Saturday, August 6, 2011

The Blue Castle - Book Review

There are some books that I love to re-read every year.  They are old friends that I love to revisit.  The Blue Castle is one of those books.  It is written by a beloved Canadian author, Lucy Maud Montgomery.  It is one of two novels she wrote for adults, although it is usually sold in the YA or children's section of the book store.  Don't be fooled by the cheesy cover art, it's not a Harlequin Romance! 

The Blue Castle is set in the Muskoka country of Ontario, Canada, which is cottage country now, in the early 1900's.  Valancy Stirling has just woken up on the morning of her twenty ninth birthday, an old maid.  She lives with her widowed mother and aged cousin.  Her position in the family is not enviable, she belongs to an old established family, yet is the poor relation:  plain, unmarried, with no way of supporting herself, and no obvious talents.  She is constantly outshone by her beautiful cousin, Olive, who is wealthy, gorgeous, popular, and engaged to a fine young man.  Her mother is cold, unkind and does not love her.  She is bossed about unmercifully by her entire clan.  Valancy's only escape is her dreamworld, her Blue Castle, a land of imagination where she can escape from her unhappy existance.  She also can escape into a good book, especially nature books by her favorite author.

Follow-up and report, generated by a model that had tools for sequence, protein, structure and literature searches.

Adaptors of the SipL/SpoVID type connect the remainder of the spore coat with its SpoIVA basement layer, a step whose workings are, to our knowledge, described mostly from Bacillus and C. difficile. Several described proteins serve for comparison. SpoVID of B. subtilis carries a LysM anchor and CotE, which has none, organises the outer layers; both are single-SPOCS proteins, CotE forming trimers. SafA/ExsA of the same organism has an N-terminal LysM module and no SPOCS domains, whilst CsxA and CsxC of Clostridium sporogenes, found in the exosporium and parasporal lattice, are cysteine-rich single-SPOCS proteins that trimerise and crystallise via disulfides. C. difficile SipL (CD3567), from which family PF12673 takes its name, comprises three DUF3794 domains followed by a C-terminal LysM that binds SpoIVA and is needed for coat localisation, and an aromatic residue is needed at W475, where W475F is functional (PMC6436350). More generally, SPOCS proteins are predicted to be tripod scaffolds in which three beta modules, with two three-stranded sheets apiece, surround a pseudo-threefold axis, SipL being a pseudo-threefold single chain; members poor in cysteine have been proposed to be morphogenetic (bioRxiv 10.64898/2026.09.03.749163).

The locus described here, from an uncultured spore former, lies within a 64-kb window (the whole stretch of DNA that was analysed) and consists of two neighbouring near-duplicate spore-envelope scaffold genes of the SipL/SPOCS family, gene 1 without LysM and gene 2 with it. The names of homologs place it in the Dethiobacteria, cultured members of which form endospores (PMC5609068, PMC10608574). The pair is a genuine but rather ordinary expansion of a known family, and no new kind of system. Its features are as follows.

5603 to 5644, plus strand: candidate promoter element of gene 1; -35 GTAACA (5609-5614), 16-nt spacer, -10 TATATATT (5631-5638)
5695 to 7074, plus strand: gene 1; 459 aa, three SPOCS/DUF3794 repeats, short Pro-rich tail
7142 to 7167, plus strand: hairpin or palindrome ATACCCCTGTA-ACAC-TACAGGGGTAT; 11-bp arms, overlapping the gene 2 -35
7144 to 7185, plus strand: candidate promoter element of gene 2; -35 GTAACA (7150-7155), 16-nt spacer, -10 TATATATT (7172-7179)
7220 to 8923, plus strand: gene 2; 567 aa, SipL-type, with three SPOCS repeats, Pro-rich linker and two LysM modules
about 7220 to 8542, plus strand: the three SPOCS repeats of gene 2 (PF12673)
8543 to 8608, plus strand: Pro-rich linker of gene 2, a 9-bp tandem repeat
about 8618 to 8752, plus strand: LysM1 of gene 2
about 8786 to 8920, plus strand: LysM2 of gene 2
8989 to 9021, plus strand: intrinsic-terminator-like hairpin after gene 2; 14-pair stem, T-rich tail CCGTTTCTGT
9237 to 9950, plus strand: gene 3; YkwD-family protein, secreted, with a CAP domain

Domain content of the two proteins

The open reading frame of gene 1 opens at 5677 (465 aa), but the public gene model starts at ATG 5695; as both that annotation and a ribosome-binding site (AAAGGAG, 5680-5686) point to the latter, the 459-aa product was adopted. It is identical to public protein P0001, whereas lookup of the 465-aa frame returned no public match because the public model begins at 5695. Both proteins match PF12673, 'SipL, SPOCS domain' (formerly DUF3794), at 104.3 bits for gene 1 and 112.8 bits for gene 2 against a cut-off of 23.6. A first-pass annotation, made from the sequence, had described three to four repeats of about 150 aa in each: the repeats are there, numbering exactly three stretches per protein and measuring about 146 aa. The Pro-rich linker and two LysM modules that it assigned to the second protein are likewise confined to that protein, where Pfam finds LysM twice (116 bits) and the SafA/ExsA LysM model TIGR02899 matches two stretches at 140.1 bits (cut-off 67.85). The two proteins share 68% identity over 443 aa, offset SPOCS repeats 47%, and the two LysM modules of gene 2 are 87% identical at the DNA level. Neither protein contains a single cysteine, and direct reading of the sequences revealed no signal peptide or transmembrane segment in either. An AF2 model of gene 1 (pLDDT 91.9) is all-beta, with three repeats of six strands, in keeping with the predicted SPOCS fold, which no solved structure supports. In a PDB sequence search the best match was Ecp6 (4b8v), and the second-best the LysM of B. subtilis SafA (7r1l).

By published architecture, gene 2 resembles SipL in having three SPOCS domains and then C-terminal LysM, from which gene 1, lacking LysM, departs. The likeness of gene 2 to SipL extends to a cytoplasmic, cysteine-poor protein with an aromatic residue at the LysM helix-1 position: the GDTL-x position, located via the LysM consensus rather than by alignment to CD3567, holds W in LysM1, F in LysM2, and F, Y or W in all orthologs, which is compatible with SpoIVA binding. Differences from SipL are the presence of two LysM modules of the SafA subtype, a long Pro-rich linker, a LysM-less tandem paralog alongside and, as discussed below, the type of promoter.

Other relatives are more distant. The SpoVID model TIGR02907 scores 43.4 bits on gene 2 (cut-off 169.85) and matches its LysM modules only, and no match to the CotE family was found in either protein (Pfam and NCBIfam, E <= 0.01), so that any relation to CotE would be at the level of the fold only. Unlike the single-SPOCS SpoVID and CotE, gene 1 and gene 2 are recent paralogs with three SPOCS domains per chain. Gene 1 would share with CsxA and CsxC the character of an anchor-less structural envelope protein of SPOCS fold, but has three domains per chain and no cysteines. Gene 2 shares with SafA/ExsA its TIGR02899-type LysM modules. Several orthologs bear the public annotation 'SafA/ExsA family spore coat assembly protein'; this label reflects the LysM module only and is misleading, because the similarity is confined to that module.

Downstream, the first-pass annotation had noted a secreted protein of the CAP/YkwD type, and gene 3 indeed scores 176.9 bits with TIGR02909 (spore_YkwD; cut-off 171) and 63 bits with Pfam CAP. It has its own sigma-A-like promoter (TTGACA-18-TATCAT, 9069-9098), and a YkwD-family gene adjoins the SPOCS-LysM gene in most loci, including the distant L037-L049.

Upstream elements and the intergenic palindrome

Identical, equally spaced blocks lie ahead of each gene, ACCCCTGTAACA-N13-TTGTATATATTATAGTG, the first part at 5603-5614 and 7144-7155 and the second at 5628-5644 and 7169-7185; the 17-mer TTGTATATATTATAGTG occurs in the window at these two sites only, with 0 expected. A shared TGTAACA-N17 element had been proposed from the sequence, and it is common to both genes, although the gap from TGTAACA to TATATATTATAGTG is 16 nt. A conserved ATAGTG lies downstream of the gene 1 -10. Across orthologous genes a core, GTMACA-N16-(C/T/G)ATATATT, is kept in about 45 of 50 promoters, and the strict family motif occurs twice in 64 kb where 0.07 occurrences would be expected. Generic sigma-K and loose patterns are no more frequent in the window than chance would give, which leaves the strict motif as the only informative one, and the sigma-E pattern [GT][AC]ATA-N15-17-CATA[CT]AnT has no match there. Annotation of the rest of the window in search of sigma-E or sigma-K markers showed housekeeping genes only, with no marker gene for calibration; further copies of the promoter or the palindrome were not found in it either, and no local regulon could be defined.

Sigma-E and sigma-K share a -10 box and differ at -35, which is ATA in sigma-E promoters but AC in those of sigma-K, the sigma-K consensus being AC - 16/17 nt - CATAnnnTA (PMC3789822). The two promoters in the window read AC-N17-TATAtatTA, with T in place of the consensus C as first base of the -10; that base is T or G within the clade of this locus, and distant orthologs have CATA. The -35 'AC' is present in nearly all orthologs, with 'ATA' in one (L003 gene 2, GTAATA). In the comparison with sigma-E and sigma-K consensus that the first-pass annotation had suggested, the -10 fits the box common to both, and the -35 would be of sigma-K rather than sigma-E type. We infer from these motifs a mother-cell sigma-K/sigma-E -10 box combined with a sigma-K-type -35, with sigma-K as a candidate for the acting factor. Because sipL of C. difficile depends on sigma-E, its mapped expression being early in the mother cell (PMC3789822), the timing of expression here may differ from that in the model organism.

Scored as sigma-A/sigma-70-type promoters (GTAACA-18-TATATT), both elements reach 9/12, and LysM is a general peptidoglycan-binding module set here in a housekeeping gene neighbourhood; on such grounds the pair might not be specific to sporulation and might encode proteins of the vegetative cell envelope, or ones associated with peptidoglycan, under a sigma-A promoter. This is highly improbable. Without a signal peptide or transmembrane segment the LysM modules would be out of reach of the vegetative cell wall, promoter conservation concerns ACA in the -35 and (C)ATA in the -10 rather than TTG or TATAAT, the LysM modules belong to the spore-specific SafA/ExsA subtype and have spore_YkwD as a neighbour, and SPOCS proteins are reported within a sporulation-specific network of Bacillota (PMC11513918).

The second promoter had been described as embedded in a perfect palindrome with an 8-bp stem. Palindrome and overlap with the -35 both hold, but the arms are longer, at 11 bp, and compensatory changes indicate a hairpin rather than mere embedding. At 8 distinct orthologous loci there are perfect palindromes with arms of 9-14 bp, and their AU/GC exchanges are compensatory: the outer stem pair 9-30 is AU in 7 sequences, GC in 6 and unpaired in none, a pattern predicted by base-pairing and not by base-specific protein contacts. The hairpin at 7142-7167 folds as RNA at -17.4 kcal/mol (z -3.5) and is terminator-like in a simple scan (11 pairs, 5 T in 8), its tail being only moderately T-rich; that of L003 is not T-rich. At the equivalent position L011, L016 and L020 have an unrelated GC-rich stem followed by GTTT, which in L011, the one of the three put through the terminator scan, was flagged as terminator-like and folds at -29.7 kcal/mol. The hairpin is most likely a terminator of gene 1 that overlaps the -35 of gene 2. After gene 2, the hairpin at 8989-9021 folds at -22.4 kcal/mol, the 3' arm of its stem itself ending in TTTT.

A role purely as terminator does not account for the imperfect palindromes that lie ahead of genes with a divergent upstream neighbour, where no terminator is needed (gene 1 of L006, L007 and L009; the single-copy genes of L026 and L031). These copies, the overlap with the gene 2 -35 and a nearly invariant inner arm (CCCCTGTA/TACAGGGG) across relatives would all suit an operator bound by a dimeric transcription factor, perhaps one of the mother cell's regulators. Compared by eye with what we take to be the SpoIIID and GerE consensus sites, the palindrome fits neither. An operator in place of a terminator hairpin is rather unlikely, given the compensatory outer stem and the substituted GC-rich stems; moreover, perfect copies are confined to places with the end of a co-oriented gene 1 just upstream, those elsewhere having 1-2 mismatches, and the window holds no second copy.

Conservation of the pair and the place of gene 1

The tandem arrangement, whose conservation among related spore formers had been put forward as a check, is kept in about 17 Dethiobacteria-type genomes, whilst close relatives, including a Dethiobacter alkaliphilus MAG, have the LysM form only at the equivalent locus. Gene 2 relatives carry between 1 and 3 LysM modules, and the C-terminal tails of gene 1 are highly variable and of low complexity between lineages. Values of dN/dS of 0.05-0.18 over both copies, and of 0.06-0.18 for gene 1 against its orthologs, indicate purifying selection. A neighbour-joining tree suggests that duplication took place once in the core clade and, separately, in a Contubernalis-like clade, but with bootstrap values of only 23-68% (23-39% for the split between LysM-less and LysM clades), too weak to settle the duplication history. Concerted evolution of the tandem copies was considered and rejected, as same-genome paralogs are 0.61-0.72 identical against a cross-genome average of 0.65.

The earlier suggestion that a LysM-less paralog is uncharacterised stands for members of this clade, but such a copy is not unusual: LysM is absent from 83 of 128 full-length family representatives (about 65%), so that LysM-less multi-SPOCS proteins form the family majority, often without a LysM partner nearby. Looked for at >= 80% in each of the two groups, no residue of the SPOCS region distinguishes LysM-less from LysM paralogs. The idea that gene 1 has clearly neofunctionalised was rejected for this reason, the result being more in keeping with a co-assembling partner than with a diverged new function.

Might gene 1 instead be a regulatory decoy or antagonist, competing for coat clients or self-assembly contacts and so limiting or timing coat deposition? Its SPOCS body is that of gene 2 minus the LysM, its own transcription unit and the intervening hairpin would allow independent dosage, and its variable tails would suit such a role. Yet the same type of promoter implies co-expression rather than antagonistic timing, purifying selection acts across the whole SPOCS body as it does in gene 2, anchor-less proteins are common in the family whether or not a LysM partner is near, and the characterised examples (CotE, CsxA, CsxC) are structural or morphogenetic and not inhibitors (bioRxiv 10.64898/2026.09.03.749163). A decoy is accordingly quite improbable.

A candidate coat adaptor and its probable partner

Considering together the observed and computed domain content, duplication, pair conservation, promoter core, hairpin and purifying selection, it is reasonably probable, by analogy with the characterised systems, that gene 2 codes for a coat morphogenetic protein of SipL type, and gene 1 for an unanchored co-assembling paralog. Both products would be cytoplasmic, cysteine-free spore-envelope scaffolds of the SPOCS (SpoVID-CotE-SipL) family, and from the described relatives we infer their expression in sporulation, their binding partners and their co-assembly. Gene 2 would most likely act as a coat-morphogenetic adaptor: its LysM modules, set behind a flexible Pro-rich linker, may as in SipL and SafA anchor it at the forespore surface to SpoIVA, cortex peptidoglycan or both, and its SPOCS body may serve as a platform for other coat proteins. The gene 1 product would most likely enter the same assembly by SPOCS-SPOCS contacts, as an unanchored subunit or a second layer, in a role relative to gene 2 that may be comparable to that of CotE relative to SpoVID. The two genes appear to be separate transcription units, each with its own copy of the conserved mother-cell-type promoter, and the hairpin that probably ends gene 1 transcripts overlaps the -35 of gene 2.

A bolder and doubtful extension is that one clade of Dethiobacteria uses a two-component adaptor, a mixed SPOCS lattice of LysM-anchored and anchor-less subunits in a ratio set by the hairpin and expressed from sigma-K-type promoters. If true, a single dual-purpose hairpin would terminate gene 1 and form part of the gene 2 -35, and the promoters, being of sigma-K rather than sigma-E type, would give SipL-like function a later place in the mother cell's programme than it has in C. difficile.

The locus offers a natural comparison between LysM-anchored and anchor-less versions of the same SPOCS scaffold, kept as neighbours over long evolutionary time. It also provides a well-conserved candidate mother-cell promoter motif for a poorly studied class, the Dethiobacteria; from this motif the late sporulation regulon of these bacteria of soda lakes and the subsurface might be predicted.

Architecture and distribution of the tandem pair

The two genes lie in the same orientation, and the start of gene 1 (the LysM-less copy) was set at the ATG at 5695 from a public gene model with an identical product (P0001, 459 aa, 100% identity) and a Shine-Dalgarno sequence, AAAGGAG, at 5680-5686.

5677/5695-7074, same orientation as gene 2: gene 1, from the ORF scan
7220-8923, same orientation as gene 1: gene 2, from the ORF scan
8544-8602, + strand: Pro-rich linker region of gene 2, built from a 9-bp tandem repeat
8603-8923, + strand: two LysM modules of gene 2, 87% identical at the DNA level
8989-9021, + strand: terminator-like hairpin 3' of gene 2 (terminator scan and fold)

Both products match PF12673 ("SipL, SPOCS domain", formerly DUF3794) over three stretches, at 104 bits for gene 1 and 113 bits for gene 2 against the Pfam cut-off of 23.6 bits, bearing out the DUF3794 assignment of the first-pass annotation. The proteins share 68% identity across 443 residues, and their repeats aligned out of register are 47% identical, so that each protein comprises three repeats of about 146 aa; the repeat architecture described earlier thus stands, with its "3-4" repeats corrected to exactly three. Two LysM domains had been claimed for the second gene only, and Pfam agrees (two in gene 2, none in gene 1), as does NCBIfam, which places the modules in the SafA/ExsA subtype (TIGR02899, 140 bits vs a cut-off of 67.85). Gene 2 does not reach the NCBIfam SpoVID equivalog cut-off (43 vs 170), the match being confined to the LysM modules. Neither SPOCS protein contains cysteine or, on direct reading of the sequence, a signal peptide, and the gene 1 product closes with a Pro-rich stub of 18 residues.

Valancy has been plagued with a pain in her heart for years, and it has been progressively getting worse.  She visits a doctor, and finds out she has a serious heart condition.  This knowledge gives her the courage to take her life in her own hands, and shake off the restrictions placed on her by her family.  Valancy leaves home to care for a sick friend, and has many adventures as she follows her heart.  There is a great happily ever after at the end, and a fine romance, but the real heart of the story is how Valancy blooms and grows under adverse conditions. 

The character of Valancy is universally appealing, she is a delightful underdog, and watching her true wonderful personality appear is so much fun.  Her family is really awful, Montgomery does a great job of making them really unappealing.  The family dinner where Valancy finally says exactly what she has always thought is so funny, and my favorite scene in the book.  As usual, Montgomery does a wonderful job of describing the beauties of Canada, and brings Muskoka to life.  For years my idea of a Blue Castle was a tiny cottage on an island surrounded by a beautiful lake, thanks to her description in the book. 

The Blue Castle would be on my desert island pile of books. 

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